can someone write example code for include from out of root folder?

Thu, 24 Nov 2005 at 08:35:08 GMT Link


25.orbach said:

Adding a .php extension takes care of any problems. You state:

"This (the .php extension) should only be used as a redundant safeguard and not the only safeguard. If you're only going to implement one safeguard, choose the best one."

But you never explain exactly what the problem is or how the solution of adding .php is incomplete. You just state your conclusion without any justification. How is using a subfolder better than using the php extension? As far as I can tell, users will never see the php code in a file with the php extension. In addition, files in subfolders could be accessed as well as files at the root.

The only reason to use subfolders for included, or any other files, is organization, not security.

Just my .02 cents.

Sat, 22 Jul 2006 at 21:37:09 GMT Link


26.orbach said:

Try this one:

http://www.webtelegraph.co.za/includes/db.inc

Sat, 22 Jul 2006 at 21:47:27 GMT Link


27.orbach said:

or these:

http://www.bjpldx.edu.cn/xyl/include/db.inc

http://www.artplus.it/include/db.inc

Sat, 22 Jul 2006 at 21:52:28 GMT Link


28.orbach said:

Ammar wrote:

"Now here's one problem for those who think that by just adding '.php' to your include files you're safe. Actually you're not. e.g. you have an include file that resets tha database 'reset_db.inc.php' . Now if you're includes directory is in your doc root, executing certain scripts "Even if it gives the user blank page" still it would be a disaster."

This is a more enlightening statement. One thing is to protect the data (which a php extension does well), another is to protect the execution of the script. The reset_db script Amman describes should only be executed by authorized users. Otherwise, the script should be considered "safe". For example, the database being reset is really a temporary database and we don't care about its contents.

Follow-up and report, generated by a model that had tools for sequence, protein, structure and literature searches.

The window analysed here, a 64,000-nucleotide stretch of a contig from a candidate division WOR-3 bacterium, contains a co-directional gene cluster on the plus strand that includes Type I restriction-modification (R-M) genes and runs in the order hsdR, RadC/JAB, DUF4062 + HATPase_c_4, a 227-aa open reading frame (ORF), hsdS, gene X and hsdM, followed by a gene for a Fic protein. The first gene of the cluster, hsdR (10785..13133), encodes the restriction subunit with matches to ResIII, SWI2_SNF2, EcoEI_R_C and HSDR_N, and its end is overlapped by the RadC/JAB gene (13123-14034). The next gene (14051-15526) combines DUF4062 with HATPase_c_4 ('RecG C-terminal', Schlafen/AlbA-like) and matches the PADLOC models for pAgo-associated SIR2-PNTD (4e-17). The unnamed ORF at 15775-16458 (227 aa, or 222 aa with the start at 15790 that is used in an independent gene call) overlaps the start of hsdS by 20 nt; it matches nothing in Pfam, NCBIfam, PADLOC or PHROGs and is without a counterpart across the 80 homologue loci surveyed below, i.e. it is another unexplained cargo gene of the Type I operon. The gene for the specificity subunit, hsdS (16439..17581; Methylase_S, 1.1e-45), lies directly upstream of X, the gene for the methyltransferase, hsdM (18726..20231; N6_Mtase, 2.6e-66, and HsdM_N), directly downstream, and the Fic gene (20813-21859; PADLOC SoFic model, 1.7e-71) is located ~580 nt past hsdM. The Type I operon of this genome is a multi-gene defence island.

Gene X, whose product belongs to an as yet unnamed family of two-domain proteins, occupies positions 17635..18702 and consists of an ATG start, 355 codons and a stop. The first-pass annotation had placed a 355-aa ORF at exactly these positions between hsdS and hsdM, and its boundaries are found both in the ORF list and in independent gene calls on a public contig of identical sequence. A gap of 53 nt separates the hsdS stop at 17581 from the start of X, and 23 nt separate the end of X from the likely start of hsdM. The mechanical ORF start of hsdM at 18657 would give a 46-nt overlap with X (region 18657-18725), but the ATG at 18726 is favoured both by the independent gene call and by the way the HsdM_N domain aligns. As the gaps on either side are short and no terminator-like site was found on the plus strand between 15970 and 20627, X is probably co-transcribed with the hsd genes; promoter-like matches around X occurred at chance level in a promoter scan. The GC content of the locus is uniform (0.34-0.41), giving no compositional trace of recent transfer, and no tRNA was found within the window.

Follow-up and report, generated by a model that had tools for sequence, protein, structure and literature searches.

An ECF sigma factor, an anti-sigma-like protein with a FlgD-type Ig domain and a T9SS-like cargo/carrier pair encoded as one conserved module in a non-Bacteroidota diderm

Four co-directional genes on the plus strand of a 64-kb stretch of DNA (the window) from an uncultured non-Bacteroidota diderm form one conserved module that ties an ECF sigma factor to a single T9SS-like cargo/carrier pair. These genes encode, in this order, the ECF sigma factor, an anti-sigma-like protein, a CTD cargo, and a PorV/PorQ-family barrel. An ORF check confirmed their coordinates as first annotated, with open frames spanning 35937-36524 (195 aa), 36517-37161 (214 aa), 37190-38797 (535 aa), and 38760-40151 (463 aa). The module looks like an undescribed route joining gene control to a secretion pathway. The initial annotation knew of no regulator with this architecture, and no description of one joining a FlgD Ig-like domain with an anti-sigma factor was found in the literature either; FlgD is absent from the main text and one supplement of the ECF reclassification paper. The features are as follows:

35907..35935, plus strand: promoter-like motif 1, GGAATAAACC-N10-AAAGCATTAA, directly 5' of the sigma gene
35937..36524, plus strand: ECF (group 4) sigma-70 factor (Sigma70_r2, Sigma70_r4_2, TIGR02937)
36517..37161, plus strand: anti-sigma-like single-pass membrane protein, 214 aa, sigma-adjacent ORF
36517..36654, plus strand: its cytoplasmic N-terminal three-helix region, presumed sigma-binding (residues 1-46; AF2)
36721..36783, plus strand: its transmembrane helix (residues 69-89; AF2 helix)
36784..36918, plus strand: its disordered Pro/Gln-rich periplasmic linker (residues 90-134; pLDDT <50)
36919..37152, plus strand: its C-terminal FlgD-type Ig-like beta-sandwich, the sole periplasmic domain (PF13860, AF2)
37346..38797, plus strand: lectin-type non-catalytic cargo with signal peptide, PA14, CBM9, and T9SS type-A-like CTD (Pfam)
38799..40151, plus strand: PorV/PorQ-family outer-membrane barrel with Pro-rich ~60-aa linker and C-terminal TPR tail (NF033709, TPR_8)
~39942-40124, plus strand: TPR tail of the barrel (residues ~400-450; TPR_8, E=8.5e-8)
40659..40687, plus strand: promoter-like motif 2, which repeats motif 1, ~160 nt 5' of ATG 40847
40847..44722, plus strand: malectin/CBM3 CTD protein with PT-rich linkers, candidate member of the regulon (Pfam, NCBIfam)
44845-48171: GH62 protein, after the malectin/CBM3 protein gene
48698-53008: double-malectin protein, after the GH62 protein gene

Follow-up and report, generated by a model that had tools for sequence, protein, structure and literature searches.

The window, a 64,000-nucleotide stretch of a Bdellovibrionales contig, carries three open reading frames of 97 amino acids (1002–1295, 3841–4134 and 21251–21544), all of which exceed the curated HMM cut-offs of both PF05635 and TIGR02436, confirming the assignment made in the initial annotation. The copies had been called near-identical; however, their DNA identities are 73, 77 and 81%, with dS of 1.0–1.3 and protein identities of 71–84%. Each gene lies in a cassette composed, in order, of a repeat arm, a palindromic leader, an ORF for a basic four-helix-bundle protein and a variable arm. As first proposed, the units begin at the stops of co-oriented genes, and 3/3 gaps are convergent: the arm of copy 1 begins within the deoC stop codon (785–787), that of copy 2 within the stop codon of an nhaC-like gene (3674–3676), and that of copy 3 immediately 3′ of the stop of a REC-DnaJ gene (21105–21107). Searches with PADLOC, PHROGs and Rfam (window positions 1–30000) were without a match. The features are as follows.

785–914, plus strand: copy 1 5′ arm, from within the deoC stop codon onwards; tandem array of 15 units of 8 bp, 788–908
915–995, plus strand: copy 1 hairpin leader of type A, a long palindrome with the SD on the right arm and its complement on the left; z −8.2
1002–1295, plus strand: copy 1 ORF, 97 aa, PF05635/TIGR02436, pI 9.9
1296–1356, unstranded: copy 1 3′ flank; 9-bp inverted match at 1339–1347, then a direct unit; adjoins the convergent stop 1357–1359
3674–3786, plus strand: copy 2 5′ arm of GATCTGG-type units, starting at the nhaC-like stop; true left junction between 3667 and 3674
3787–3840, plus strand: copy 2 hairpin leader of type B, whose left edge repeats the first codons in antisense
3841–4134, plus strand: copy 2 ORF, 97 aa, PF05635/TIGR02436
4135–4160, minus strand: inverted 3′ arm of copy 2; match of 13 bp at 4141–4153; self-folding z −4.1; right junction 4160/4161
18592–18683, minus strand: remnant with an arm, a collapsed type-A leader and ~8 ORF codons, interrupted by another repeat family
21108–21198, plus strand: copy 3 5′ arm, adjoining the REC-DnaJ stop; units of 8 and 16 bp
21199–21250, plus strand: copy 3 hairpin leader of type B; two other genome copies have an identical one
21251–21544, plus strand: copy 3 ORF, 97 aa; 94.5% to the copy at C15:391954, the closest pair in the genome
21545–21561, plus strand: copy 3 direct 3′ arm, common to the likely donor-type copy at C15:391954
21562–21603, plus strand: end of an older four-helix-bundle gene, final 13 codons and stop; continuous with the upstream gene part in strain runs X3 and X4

This shows that security does not come from absolute "dogma" like the ones discussed here. It results from careful analysis and addressing the issues found.

A good example of bad security is the "primitive spam prevention techniques" Chris uses when submitting posts here (adding Chris to a text field) This does nothing to prevent a spammer from adding posts here.

Sat, 22 Jul 2006 at 22:09:55 GMT Link


29.Glenn said:

In terms of securing files, is the following configuration equivalent to placing files outside of the webroot?

My shared hosting provider gave me a random domain name assigned to /some/path/htdocs. So this was my webroot, and I don't have access to anything above this.

However, I can change the random domain so that its destination is some/path/htdocs/randomdomain; this acts like my new webroot.

Now, if I create a directory like some/path/htdocs/phpincludes, will this be the equivalent of placing this directory outside of my webroot?

Thanks in advance. I've been looking for an answer on this, but haven't found anything that directly addresses it.

Mon, 26 May 2008 at 21:45:43 GMT Link


Hello! What’s your name?

Want to comment? Please connect with Twitter to join the discussion.